2070
2060
2050
2040
2030
2020
2010
2000
1990
1980
1970
1960
1950
2100
2090
2080
2070
2060
2050
2040
2030
2020
2010
2000
1990
1980
1970
1960
1950
0 .4
Evolution
dependency
ratio,
1950-2100
Results
simulation
exercises:
(A) Changing
mort./ constant
fertility levels
(B) Changing
mortality and
fertility levels
B . E U 12
A . E U 15
1 .2
1 .2
1 .0
1 .0
0 .8
0 .8
Finally, assuming an increase of fertility to a TFR=2.1 (the replacement
0 .6
level) will hardly have an impact on the dependency ratio.
0 .6
Note that an increase of the TFR to 2.1 children will lower the
percentage of persons aged 65 and more with only a few percentage
points – for the EU15 countries from 29% to 28%; and for the EU12
countries from 27% to 26%.
2100
2090
2080
2070
2060
2050
2040
2030
2020
2010
2000
1990
1980
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2060
2050
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2010
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1990
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1950
0 .4
0 .4
Three parts of this (short) presentation:
1.
The essentials
Something to keep in mind
2.
The key issue
3.
The need for an alternative view?
• With respect to fertility
• Increase in workforce
• Increase in productivity
• Migration
• And also: (the need for) Intergenerational solidarity
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The need for an alternative view?
1.
With respect to fertility
• Higher fertility levels are not a ‘remedy’ against the ‘negative’ effects
of an older population structure
• A TFR=2.1 (as compared to a TFR=1.85) will hardly affect (lower)
the percentage of persons 65 and more in society
• It should be recognized that mortality – i.e. the increase in life
expectancy – is the main ‘motor’ of ‘population ageing (and not
fertility)
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The need for an alternative view?
2.
Increase in the workforce
•
It has been demonstrated elsewhere that an increase in
employment rates (in conjunction with increased productivity) may
largely ‘offset’ the shrinking of the number of ‘active’ persons
related to ‘population ageing’.
•
However, unemployment rates remain high in the EU area
•
One prerequisite would be more women in the workforce. But
does this need to be pursued for economic reasons or rather in
pursuit for a more egalitarian society?
•
Another (often suggested) solution is to increase the age at
retirement. But studies (eg., DIALOG) show that citizens are rather
hostile to this idea. Flexibility could be the key-issue for success,
incl. the possibility to combine retirement and part-time work.
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The need for an alternative view?
3.
Increase in productivity
•
Life-long learning is being promoted in this respect. But are
citizens ready for it? Studies indicate (cf. Workshop 5) that citizens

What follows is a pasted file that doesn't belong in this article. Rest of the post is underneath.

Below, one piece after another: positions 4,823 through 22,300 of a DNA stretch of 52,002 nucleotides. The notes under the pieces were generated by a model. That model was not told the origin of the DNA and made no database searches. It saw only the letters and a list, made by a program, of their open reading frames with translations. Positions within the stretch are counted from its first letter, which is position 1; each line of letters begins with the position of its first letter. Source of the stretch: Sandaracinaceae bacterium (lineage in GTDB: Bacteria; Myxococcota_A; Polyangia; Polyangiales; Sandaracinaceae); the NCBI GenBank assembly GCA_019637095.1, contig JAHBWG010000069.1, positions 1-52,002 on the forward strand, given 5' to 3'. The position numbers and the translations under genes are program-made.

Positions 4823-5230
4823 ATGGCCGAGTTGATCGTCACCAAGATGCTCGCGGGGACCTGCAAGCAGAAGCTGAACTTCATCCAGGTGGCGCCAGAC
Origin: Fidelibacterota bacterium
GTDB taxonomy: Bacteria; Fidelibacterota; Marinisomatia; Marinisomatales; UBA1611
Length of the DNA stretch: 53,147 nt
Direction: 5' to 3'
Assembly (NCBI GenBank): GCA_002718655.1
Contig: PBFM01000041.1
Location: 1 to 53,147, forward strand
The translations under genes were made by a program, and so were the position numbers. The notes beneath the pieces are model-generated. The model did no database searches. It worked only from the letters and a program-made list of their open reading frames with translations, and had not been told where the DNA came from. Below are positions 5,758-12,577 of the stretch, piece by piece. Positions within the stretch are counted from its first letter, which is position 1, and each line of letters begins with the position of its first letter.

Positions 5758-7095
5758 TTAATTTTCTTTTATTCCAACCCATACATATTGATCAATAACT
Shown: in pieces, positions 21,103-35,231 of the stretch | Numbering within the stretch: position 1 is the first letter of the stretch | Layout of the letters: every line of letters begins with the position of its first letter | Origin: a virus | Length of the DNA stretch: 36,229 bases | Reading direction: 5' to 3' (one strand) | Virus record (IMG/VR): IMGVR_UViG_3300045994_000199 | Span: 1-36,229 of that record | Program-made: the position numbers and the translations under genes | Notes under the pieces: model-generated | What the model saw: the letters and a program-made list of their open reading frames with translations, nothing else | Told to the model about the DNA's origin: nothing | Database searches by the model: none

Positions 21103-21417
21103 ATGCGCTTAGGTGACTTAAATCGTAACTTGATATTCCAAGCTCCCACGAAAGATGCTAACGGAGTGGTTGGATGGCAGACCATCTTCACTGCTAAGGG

do not support the idea without proper incentives. Also, a majority
of citizens appear to prioritize the learning of foreign languages –
rather than increasing competencies in, for example,
entrepreneurship or ICT.
•
On the other hand, to the extent that the much needed higher
productivity is related to improved technology, there is a clear
need for better education.
•
However, should this be done with the sole purpose of increased
productivity – i.e., in order to better match labour market needs
and business -, or rather/also with the overall objective of creating
a ‘knowledge-based’ society, for the benefit of all?
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The need for an alternative view?
4.
More migration?
•
In the long run, international migration is no solution for
‘population ageing’:
 also migrants grow old and also those from outside the EU have in the
long run small numbers of children
 it must be recognized that international migration can only be a
‘remedy’ against declining population numbers (which would then
imply a sustained influx of migrants)
•
‘Return’ migration might be a workable solution, but only when
achieved in close collaboration with the sending countries.
•
However, migration between member states should be encouraged
and being facilitated.
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The need for an alternative view?
5.
The need for more intergenerational solidarity
•
In general, citizens regard older people as non-productive for
society
•
The need for more civil education and more insight in demographic
processes:
•
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
Lack of a ‘life-course’ perspective

Sense of ‘intergenerational solidarity’ appears to increase with age
As was the case for higher productivity, better education would be
a key element in achieving more intergenerational solidarity.
To conclude
• Better education appears to be a key element in preparing for
a society with an older population structure.
• One should, however, avoid making the mistake to focus on
‘more productivity’ alone – it is of equal importance to take into
account the need for more ‘intergenerational solidarity’.
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Thank you for your attention